Celebrating 20 years of juicy Java. Just don’t mention Android

A remarkable past, and a clouded future

Oracle is celebrating 20 years of Java, which was officially announced at the SunWorld conference in San Francisco on May 23 1995. Java 1.0a2 was made available to download. In addition, Netscape’s Marc Andreessen came on stage to announce that Java would be integrated into the Navigator web browser.

The origins of Java go back earlier, of course, to Sun’s secret “Green Project”, led by Patrick Naughton, Mike Sheridan and James Gosling. Gosling created a language called Oak, a processor-independent language for controlling entertainment devices.

Oak was demonstrated on a device called *7 (named for its ability to answer the phone) in summer 1992.

The entertainment device idea did not take off but the team adapted the language, whose name was changed to Java because Oak was already trademarked, to support animations and dynamic content delivered over the internet.

In 1994 they created a web browser based on Mosaic but using Java. The browser was initially called WebRunner and then HotJava.

Java took off rapidly. It met an immediate need on the fast-growing World Wide Web; the language was both powerful and easy to use, and Netscape’s adoption made it mainstream. Sun quickly saw its potential.

“The basic strategy is to license Java to people who have a need for network-centric applications,” said Eric Schmidt, then Sun’s CTO, speaking to journalist Michael Connell in July 1995. "The first and obvious target is the browser world. Nothing in the design of Java limits it to Unix or any other operating system ... It needs to be on all [major] platforms to be successful, and we are going to make sure that happens."

As it turned out, Java did not flourish for long as a browser plug-in, but found huge take up elsewhere. Its cross-platform ability made it ideal for IT vendors such as IBM, Oracle and Sun itself.

It was an obvious choice for enterprise middleware and application servers. At the other end of the scale, Java 2 Micro Edition (J2ME) was widely used for apps on mobile phones. Java is part of the standard for Blu-Ray discs and runs on billions of devices. Sun released Java as open source in 2006.

Speaking in tongues

Today Java is among the world’s most popular programming languages, ranking second after JavaScript in the Redmonk language rankings, for example.

That said, Java’s success has to be qualified. Sun did not succeed in monetizing the technology sufficiently to prevent its takeover by Oracle in 2009. Java in the browser was outpaced first by Adobe Flash and later by HTML5 and JavaScript, as browser plug-ins have gone out of fashion.

Java is no longer much used for desktop apps, where its constant security updates, and Oracle’s habit of bundling unrelated software with the runtime download, have made it an annoyance.

On mobile phones, Java was pushed aside by Apple, which uses Objective C and Swift for iOS apps, and although Google chose Java as the primary app development language for Android, it developed its own runtime, called Dalvik, rather than implementing the official Java specification, resulting in a largely unsuccessful lawsuit from Oracle in 2010.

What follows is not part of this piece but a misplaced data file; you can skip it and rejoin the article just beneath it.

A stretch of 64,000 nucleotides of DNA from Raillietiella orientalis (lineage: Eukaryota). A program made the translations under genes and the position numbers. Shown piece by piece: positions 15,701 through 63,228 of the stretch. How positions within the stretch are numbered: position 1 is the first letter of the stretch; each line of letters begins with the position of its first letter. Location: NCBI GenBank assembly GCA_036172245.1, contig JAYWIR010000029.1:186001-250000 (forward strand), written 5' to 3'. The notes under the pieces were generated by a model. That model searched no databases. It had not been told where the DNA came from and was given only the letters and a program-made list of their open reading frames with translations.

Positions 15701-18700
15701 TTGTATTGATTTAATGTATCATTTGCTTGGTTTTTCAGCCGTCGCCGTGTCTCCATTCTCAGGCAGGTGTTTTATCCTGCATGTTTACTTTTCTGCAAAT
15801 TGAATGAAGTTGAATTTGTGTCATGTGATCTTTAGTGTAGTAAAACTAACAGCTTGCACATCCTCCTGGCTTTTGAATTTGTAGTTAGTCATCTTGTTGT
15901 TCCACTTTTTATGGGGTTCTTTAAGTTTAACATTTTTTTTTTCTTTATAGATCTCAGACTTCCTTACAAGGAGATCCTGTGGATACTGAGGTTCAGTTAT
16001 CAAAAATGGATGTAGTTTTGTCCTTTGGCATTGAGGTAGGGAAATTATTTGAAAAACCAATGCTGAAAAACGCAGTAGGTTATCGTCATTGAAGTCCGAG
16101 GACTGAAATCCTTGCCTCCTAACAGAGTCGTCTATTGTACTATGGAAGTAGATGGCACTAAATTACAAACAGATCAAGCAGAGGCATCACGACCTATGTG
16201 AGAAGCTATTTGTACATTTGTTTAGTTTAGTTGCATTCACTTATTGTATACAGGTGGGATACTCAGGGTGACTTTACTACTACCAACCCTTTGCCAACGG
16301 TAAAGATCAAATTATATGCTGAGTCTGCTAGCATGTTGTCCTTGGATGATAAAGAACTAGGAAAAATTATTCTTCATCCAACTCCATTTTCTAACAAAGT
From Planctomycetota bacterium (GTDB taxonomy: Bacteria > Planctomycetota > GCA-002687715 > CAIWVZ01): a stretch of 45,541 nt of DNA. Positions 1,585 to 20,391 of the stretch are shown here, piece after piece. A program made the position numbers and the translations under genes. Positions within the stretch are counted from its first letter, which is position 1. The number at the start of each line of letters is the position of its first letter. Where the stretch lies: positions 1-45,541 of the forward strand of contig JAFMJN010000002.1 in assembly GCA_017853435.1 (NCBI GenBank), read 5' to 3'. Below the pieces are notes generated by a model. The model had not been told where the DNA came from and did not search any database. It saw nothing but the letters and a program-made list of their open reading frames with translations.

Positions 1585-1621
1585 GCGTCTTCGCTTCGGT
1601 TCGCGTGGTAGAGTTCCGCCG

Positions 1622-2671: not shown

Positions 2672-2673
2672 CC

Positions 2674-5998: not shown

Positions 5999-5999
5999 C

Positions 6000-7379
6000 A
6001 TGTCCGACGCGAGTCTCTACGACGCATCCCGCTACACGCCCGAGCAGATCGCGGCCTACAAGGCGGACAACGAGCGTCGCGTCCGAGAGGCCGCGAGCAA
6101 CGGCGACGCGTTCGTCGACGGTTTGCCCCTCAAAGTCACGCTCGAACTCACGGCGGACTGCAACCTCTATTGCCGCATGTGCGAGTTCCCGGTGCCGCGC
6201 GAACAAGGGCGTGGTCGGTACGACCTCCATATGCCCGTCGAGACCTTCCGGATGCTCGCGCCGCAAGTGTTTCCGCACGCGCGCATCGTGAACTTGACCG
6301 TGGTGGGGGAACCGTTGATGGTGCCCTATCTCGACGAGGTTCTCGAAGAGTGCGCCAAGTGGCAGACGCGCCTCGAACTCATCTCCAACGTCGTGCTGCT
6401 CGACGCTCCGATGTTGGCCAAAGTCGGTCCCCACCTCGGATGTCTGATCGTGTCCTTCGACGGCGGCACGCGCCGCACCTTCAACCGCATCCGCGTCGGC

The evolution of the language has also been slow. Project Jigsaw, an effort to modularise the Java platform for greater flexibility, was originally intended for Java 7 in 2011. That was deferred to Java 8 and is now expected to be delivered in the forthcoming Java 9, expected in 2016.

Oracle’s Georges Saab, Vice President of Java Platform Development, told the press that there are good reasons for the delay: “The company [Sun] that was working on it was acquired. On Java 8, we did quite a bit of work which had not been anticipated around improving security. That was more important than bringing new features to market.”

Saab would not comment directly on the Android issue, but remarked that “we take compatibility very seriously and follow the Java Community Process for the development of Java. It’s a process that invites and encourages people from all different companies to take part".

Rosy future?

Google has deprecated the NPAPI browser plug-in standard used in Java, which will accelerate the decline in Java usage in the browser.

Is there any solution? Saab said that Oracle is waiting for a properly standardized alternative, but sounded regretful in reference to browser vendors who “have made the decision to stop supporting standard frameworks that are in use throughout the industry".

“On browser, desktop and mobile the folks who make the operating systems for those environments, as well as things like browsers, have an interest in tightening those things down and allowing fewer third-party things to run,” he added.

Android aside, can Java recover its mojo beyond enterprise server applications?

“There remains a substantial interest in doing rich Java clients,” said Saab. “I’m interested in the position that Java can enjoy in Internet of Things. There is a great deal of fragmentation and Java gives people a consistent model and uses the same technology from device to gateway and into the back end in the cloud.”

Java’s future looks cloudy in more ways than one; but it is hard to imagine the last 20 years without it, and despite some hiccups, it has been a unifying force in a fragmented industry. ®


Oracle has posted a Java Timeline here.

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